Niles Charter Township approves short-term rental ordinance
Published 1:10 pm Tuesday, May 2, 2023
NILES CHARTER TOWNSHIP — There are new rules for short term rentals in Niles Charter Township.
The NCT Board of Trustees unanimously approved an ordinance Monday night establishing regulations for short-term rental properties within the township limits. Officials say the ordinance was put in place to help hold property owners accountable and protect residential areas while also boosting tourism in the township.
“I think it’s something that is needed,” said Trustee Richard Cooper, who also serves on the planning commission. “I think that the planning commission has worked diligently on getting this done on it and I think it will be an asset to the community.”
According to the ordinance language, a short term rental is defined as the rental or subletting of a single-family dwelling for compensation for not more than one month at a time. Transitional houses operated by a charitable organization, group homes such as nursing homes and adult foster care homes, substance-abuse rehabilitation clinics, mental-health facilities, and other similar health-care related facilities will not be considered short-term rentals.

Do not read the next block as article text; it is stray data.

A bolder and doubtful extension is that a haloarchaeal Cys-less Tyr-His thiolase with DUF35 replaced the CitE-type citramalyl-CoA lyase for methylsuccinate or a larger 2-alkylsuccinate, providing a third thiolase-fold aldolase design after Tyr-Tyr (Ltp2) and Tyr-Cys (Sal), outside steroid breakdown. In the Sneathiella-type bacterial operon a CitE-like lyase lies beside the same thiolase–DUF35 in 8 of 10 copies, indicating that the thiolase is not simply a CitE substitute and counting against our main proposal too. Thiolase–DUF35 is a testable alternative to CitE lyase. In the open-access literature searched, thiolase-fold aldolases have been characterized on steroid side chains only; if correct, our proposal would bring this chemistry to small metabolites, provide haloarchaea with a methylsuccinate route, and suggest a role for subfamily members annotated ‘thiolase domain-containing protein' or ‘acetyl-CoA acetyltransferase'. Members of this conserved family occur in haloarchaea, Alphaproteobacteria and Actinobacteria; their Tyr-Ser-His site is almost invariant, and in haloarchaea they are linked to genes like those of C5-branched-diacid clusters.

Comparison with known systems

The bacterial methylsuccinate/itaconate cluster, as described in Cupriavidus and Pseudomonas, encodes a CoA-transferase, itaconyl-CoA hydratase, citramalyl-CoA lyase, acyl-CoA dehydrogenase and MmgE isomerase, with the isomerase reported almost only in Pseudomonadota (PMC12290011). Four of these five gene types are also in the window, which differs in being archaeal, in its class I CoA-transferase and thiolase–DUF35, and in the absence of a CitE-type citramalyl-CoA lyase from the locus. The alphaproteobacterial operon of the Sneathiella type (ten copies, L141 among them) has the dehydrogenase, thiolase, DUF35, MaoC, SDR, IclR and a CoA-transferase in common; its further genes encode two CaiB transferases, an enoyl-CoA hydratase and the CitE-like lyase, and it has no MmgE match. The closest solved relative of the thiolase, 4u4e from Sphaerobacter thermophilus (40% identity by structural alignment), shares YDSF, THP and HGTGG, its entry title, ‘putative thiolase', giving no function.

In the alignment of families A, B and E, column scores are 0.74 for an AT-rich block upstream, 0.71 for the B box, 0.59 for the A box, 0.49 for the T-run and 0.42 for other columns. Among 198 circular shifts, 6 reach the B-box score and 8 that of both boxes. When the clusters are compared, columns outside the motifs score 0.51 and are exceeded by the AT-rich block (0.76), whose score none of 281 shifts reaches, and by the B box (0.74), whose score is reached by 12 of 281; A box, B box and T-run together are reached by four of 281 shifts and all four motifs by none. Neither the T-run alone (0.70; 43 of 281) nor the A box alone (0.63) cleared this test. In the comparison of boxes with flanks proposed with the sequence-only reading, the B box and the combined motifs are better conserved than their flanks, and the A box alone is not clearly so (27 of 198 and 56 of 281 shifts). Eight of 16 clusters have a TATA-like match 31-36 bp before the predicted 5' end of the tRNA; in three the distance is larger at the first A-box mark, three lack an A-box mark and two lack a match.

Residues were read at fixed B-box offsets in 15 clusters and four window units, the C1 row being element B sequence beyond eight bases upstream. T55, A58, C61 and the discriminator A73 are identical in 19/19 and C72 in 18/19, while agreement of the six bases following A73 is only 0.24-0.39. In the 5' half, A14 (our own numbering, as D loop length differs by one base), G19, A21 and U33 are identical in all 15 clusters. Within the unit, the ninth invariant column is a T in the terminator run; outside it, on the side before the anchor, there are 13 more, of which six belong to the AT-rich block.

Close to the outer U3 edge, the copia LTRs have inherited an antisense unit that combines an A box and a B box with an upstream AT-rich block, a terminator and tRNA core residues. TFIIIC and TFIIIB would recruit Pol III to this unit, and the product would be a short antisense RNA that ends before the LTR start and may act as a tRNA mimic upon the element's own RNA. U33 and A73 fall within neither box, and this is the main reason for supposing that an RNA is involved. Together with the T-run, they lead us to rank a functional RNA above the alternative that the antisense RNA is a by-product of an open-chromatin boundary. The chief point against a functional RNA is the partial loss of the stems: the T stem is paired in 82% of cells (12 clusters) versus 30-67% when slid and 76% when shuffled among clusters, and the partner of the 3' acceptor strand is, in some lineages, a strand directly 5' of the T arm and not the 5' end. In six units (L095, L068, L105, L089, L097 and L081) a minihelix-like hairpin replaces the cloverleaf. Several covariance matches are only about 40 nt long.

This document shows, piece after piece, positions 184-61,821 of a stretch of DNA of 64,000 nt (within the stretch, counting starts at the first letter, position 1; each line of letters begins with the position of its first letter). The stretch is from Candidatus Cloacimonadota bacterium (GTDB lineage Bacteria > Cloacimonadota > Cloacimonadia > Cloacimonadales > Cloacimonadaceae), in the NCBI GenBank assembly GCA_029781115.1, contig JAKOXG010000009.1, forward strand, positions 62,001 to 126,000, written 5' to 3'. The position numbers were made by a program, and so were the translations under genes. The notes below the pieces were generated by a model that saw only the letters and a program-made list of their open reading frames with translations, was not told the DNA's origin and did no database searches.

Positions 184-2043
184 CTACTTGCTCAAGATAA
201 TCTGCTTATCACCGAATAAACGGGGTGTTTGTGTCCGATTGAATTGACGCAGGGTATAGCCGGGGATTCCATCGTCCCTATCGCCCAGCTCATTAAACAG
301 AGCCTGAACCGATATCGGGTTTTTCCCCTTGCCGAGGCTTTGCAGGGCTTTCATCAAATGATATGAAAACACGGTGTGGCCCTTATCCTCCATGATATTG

STRs will only be permitted in single-family homes in the township. STR property owners must apply for a zoning compliance permit on an annual basis before advertising a STR for rent or operating a STR. The property owner must pay an annual fee to be determined by the board.
For the board, the approval of a STR ordinance was a moment months in the making. The ordinance states that its purpose is to strike an appropriate balance between the interests of community residents, community business owners, visitors to the community and real property owners wishing to engage in short- term rental of single-family dwellings.
While visitors to the community bring many benefits by renting single-family dwellings on a short-term basis to attend events such as Notre Dame football games, visiting friends and family members and more, the board believes STRs can simultaneously create concerns surrounding issues of traffic, parking, congestion, litter, noise, and other similar issues. Meanwhile, issues related to fire safety and life safety codes must be considered in order to maximize the safety and well-being of all in the community.
“Basically there are people that are doing what we made the ordinance up to. That was the primary reason. We need to have an ordinance. So everybody is in line with everything.”
For any questions regarding zoning ordinances, contact Denise Kasprzak at (269) 684-0870, ext. 20.